Harry Potter and the Deathly Hallows: Part 1
|Series:||Part 7 of Harry Potter|
|Distributor:||Warner Home Video|
Harry, Ron and Hermione set out on their perilous mission to track down and destroy the secret to Voldemort’s immortality and destruction—the Horcruxes. On their own, without the guidance of their professors or the protection of Professor Dumbledore, the three friends must now rely on one another more than ever. But there are Dark Forces in their midst that threaten to tear them apart.
Meanwhile, the wizarding world has become a dangerous place for all enemies of the Dark Lord. The long-feared war has begun and Voldemort’s Death Eaters seize control of the Ministry of Magic and even Hogwarts, terrorizing and arresting anyone who might oppose them. But the one prize they still seek is the one most valuable to Voldemort: Harry Potter. The Chosen One has become the hunted one as the Death Eaters search for Harry with orders to bring him to Voldemort…alive.
Harry Potter and the Deathly Hallows, Part I is a brooding, slower-paced film than its predecessors, the result of being just one half of the final story (the last book in the series was split into two movies, released in theaters eight months apart). Because the penultimate film is all buildup before the final showdown between the teen wizard and the evil Voldemort (which does not occur until The Deathly Hallows, Part II), Part I is a road-trip movie, a heist film, a lot of exposition, and more weight on its three young leads, who up until now were sufficiently supported by a revolving door of British thesps throughout the series. Now that all the action takes place outside Hogwarts—no more Potions classes, Gryffindor scarves, or Quidditch matches—Daniel Radcliffe (Harry), Emma Watson (Hermione), and Rupert Grint (Ron) shoulder the film almost entirely on their own. After a near-fatal ambush by Voldemort’s Death Eaters, the three embark on a quest to find and destroy the remaining five horcruxes (objects that store pieces of Voldemort’s soul). Fortunately, as the story gets more grave—and parents should be warned, there are some scenes too frightening or adult for young children—so does the intensity. David Yates, who directed the Harry Potter films Order of the Phoenix and The Half-Blood Prince, drags the second half a little, but right along with some of the slower moments are some touching surprises (Harry leading Hermione in a dance, the return of Dobby in a totally non-annoying way). Deathly Hallows, Part I will be the most confusing for those not familiar with the Potter lore, particularly in the shorthand way characters and terminology weave in and out. For the rest of us, though, watching these characters over the last decade and saying farewell to a few faces makes it all bittersweet that the end is near (indeed, an early scene in which Hermione casts a spell that makes her Muggle parents forget her existence, in case she doesn’t return, is particularly emotional). Despite its challenges, Deathly Hallows, Part I succeeds in what it’s most meant to do: whet your appetite for the grand conclusion to the Harry Potter series. —Ellen A. Kim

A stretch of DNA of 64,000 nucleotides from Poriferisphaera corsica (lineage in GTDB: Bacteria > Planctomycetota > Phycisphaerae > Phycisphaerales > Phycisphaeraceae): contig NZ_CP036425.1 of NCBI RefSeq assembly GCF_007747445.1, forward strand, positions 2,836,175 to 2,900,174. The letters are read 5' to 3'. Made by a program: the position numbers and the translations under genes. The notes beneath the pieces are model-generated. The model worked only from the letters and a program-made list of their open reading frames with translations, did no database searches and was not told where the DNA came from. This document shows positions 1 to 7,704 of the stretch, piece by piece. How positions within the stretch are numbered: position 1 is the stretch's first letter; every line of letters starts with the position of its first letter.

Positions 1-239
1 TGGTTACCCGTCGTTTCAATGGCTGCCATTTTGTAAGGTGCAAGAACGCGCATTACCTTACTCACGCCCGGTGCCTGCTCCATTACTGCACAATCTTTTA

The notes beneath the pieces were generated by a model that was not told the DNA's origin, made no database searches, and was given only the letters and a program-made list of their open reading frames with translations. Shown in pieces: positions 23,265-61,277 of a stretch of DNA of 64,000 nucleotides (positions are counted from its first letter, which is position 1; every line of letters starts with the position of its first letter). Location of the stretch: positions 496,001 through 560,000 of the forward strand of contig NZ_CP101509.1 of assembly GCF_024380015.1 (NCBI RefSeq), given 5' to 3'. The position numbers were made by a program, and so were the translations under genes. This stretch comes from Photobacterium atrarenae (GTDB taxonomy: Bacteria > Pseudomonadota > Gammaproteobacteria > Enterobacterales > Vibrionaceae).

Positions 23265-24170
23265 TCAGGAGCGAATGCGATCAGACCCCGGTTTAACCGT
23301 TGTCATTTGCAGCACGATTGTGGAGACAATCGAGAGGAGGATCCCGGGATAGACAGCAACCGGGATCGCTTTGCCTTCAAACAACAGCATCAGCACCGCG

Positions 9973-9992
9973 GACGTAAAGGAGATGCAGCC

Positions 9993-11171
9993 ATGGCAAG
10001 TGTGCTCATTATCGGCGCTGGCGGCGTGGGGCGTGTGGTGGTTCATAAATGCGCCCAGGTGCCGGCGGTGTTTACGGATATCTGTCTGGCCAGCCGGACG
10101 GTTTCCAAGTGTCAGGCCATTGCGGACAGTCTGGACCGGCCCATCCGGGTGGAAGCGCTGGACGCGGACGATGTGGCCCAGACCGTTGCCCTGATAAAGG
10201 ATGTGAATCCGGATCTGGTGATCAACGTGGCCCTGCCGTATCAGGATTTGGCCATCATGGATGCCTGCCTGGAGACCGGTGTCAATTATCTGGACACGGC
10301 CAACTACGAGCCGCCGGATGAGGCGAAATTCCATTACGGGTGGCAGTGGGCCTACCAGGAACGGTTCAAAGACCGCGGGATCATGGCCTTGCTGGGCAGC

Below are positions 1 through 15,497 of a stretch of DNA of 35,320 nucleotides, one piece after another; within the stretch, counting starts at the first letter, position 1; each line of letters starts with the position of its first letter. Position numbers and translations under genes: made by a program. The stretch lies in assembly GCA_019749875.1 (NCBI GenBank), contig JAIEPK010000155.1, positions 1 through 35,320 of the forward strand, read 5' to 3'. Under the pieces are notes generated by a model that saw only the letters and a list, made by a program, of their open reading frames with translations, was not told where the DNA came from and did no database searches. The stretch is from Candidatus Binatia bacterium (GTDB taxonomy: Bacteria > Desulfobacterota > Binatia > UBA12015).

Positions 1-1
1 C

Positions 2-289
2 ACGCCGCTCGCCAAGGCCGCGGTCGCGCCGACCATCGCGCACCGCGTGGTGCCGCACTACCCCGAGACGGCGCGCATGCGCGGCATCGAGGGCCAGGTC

“His hand closed automatically around the fake Horcrux, but in spite of everything, in spite of the dark and twisting path he saw stretching ahead for himself, in spite of the final meeting with Voldemort he knew must come, whether in a month, in a year, or in ten, he felt his heart lift at the thought that there was still one last golden day of peace left to enjoy with Ron and Hermione.”
With these words Harry Potter and the Half-Blood Prince draws to a close. And here, in this seventh and final book, Harry discovers what fate truly has in store for him as he inexorably makes his way to that final meeting with Voldemort. In this thrilling climax to the phenomenally bestselling series, J.K. Rowling will reveal all to her eagerly waiting readers.